Moving on

My days left in Uganda (and as an SP intern) are rapidly diminishing, meaning I should probably conjure up some final insightful blog post. Unfortunately, I’ve never been very good at saying goodbye or final words. I’m really good at counting down to transitions that I often forget to stop and take the time to enjoy the present. So while there are many things I’m looking forward to, there are just as many things that I’m going to miss about Uganda and my job.

I’m going to miss:

-The pace of life here. The pace of life could also be added to the list of things I won’t miss, but as a slightly OCD time obsessed person it’s been nice to know that even though I may have a million plans and things to do in one day, most days never go according to plan. Instead of being focused on results, I find myself focusing more on experiences, processes and most importantly relationships.

-Fruit. While Karamoja is severely lacking in the fruit and veggie department, the rest of Uganda more than makes up for what Karamoja lacks. Juicy, sweet mangoes that grow in the wild, giant avocados, pineapple that tastes like candy, and bananas of more varieties than I knew existed.

-Weather. If you know me well, this is an obvious aspect of Uganda that will miss. Since I’ve been here and even while traveling throughout the country, there is no part of Uganda that has bad weather. During rainy season in the mountainous areas, it can get chilly but never too cold and even in areas where it gets hot, it’s never unbearable. The perpetual cold and rain of the Netherlands is not exactly beckoning me.

-Starry skies in Moroto. I’m now back in Kampala, but I was gifted with two breathtakingly last starry nights in Moroto. Looking up at a sky filled with bright twinkling dots inspires me and also leaves me feeling like a tiny speck in a massive universe.

-People. This is an obvious aspect of any move that is difficult. I’m extremely thankful for both the interactions I’ve had with Ugandans and how I’ve learned and grown, but also for my expat friends who I can effortlessly feel like myself around, have insightful (and not so insightful) conversations with, and who inspire me with their travel and life stories. I’ve almost taken for granted all well-traveled my circle of friends is here and it will be a difficult adjustment to perhaps be around people who haven’t spent their lives globe-trotting.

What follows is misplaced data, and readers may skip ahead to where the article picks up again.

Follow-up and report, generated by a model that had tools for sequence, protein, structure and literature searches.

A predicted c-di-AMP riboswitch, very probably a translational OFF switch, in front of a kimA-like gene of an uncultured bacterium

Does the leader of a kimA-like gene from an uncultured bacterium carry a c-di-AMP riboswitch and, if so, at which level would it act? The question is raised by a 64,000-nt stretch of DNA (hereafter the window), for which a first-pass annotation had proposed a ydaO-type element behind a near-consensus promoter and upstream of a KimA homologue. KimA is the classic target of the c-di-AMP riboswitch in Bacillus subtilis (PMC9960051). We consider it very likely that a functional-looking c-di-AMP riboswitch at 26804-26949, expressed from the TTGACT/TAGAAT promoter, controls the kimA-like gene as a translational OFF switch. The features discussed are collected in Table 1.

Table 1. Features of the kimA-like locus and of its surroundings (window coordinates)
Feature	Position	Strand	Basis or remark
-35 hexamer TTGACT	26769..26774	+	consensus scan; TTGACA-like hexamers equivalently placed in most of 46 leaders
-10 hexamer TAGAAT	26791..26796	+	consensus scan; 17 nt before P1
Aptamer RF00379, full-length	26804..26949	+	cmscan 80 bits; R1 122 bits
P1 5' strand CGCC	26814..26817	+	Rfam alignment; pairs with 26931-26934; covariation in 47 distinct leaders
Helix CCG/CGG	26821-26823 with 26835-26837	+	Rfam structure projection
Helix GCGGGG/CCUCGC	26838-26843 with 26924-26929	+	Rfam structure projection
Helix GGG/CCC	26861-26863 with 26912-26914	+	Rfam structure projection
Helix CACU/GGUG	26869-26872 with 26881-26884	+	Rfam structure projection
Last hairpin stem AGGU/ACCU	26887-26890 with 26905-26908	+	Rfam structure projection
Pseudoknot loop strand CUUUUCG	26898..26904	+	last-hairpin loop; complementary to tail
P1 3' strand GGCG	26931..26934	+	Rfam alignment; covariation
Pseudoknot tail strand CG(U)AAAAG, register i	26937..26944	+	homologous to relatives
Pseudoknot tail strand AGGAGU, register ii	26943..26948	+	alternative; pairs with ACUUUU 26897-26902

I’m already missing life in Moroto, although very much looking forward to the next stage in life. Like all places I’ve visited and lived in, Uganda will have a special place in my heart.

Juma

I have yet another reason to feel blessed: access to good healthcare. Since I wrote last about our trusty driver Juma, he was admitted to the hospital and diagnosed with meningitis. As I’m sure you are all aware, meningitis can be quite serious. Like other public services in the Karamoja region of Uganda, hospitals are very quality. Juma was doing well at first and seemed to be responding to the drugs, but on Friday he went into a coma and Sunday was finally airlifted to Kampala to receive emergency surgery to reduce pressure that had built up in his brain. I believe he had a stroke simply because the staff at the hospital in Karamoja failed to monitor his condition regularly (they were understaffed when I visited the hospital) and his blood pressure rose causing a stroke. Today (Monday) he will be flown to Nairobi for further treatment.

For those of you who pray, I would appreciate your prayers for Juma’s recovery and healing. I am thankful that he was brought to Kampala in time and hopeful that he will eventually recover, but who knows what damage has been done. Meningitis is a very real problem in Uganda (particularly in the north), and unfortunately most adults have not been immunized. Pray also for the health of our other staff and Juma’s family. I have my vaccine, but of course there is a slight risk of contracting a variety of meningitis that is not covered by the vaccine.

As I mentioned in my last post, Juma has a large family and his wife is expecting end of the month (another real problem in Uganda—family planning). Juma is fortunate to work for Samaritan’s Purse because his insurance would not have covered all the costs associated with all his treatment. It’s sad to think about how his condition might have been prevented with better medical care, but even sadder to realize that most people in his situation would have received no treatment due to lack of proper medical care and no money to pay for it. This experience further confirms my belief that healthcare is a basic human right. I am thankful that I received quality healthcare growing up and I pray that my country would find a way to provide quality healthcare to ALL its citizens at a price tag that people can afford.

Please keep Juma and his family in your prayers, and prayer for wisdom for his doctors as they continue to work towards his complete recovery.

Simple Pleasures